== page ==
It appears that the plaintiff has dropped the suit. Florida Today reports:
In a court filing dated Feb. 6, eAppraiseIT said it was dismissing its suit against Crowley because it was “well satisfied” with her acknowledgment during a January deposition that she never had any personal knowledge of any incidents that would support the postings about the company. Crowley also said she never intended to suggest the company had violated any laws, according to the filing.
The company’s suit dismissal follows a judge’s refusal in June to grant an injunction barring Crowley from making, or posting comments from others, about the company on her Web site because he said the company failed to prove defamation or financial harm based on the postings. (source)
Florida Today actually got the injunction issue a bit wrong.
The noteworthy element of this case (to me) was the fact that the plaintiff asked the court to issue an injunction prohibiting Ms. Crowley from speaking about the plaintiff until the end of discovery. The judge didn’t deny the injunction because eAppraiseIT failed to show defamation or financial harm. Although that might have been the end result, had there been a trial, the issue came down to the abject legal stupidity of asking a court to issue a prior restraint in a defamation case.
No, ass hat, you don’t stop an American from speaking until you can figure out whether “she has defenses”. This isn’t Saudi Arabia.
The Plaintiff asked the judge for an injunction prohibiting the Defendant from making any statements about the Plaintiff until discovery was completed. In other words, before a single statement was determined to be legally defamatory the Plaintiff wanted the Defendant’s First Amendment rights suppressed until he could complete all of his discovery.
In dismissing the request, the judge held:
Injunctive relief is unavailable to redress a past harm or to restrain an actual or threatened defamation. That’s Rodriguez v. Ram Systems, Inc., 466 So.2d 412…Animal Rights Fdn. of Florida, Incl, v. Siegel, 867 So.2d 451…Demby v. English, 667 So.2d 350, and it says, quote “It is a well established rule that equity will not enjoin either an actual or a threatened defamation.(source)”
Your injunction asks me to enjoin something that the district courts of appeal tell me that I can’t do.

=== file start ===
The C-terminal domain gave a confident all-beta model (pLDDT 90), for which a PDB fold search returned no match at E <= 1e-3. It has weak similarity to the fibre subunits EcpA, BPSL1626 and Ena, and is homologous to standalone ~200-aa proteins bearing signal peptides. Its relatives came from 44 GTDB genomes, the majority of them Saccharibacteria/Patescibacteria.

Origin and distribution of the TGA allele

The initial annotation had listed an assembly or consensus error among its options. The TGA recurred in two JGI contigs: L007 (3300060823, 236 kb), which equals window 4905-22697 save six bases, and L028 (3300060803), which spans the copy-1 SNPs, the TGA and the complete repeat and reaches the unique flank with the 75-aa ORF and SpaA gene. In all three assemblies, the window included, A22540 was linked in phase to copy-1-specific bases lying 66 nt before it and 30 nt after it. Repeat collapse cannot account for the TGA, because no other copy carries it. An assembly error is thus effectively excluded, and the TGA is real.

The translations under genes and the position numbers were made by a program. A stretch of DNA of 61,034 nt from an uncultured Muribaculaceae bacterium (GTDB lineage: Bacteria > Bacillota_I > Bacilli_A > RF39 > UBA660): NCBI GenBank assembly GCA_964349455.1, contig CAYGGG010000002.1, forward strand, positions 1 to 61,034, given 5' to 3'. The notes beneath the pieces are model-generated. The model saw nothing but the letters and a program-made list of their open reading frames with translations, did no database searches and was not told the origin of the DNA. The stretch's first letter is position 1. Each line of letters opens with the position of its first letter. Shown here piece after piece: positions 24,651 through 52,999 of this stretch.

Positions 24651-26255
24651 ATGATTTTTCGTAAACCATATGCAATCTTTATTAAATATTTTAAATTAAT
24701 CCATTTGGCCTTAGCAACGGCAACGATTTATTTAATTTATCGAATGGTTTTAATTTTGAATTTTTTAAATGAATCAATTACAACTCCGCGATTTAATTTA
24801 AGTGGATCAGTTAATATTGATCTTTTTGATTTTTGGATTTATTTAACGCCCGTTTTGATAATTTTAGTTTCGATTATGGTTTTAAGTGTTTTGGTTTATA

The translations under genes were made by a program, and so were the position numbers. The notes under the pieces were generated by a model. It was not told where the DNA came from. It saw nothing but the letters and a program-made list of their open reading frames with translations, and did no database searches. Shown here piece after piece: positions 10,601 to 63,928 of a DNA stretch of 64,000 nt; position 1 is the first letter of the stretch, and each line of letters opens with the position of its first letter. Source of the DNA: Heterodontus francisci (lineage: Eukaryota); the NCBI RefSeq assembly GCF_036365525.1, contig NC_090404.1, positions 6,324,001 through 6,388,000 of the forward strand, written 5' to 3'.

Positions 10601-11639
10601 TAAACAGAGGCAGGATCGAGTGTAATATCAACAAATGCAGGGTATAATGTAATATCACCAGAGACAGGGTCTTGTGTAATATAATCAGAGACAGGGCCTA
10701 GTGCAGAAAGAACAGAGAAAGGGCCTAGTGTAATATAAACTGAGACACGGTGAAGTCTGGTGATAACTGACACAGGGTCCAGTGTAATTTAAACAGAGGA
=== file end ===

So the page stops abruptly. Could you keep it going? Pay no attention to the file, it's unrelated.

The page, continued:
With that, the Plaintiff seems to have flailed a bit, asking to orally amend the motion. The court was un-moved.
[Y]ou have to tell me by pleading what you’re asking for, and what you asked for is not permissible under the law of this state, and therefore I deny it. You can file whatever you want to in the future, but what you filed here is not permitted under the law of the state, aside from the First Amendment. So I deny it. Thank you.(source)
Accordingly, the reason that the injunction was denied is that the request was so far beyond what is constitutionally permissible that no competent judge would have granted it — not because the plaintiff couldn’t show defamation or financial harm.
eAppraiseIT sought a clearly unsupportable injunction that, if granted, would have been the judicial equivalent of using the American Flag as toilet tissue. Judge Moxley wisely declined to soil himself or the flag in this manner. (Judges are not eligible for the First Amendment Bad Ass award, but Moxley certainly gets an honorable mention).
Why was the suit really dropped?
I’m not buying the official statement:
… eAppraiseIT said it was dismissing its suit against Crowley because it was “well satisfied” with her acknowledgment during a January deposition that she never had any personal knowledge of any incidents that would support the postings about the company. Crowley also said she never intended to suggest the company had violated any laws, according to the filing.
From what I have read, the suit was doomed from the start. However, the plaintiff was able to drag Ms. Crowley through this litigation for however many months, and thus the damage was done. Ms. Crowley had to pay thousands of dollars in legal bills, her speech was chilled, and anyone else who thought of speaking negatively of eAppraiseIT gave pause to that decision lest they also find themselves the subject of an unsupportable lawsuit.
The “well satisfied” language seems to be a bit of backpedaling. My suspicion is that eAppraiseIT finally figured out that it couldn’t show defamation or financial harm in the case at all — and thus its suit was about to become a far greater liability than any negative comments published on the internet.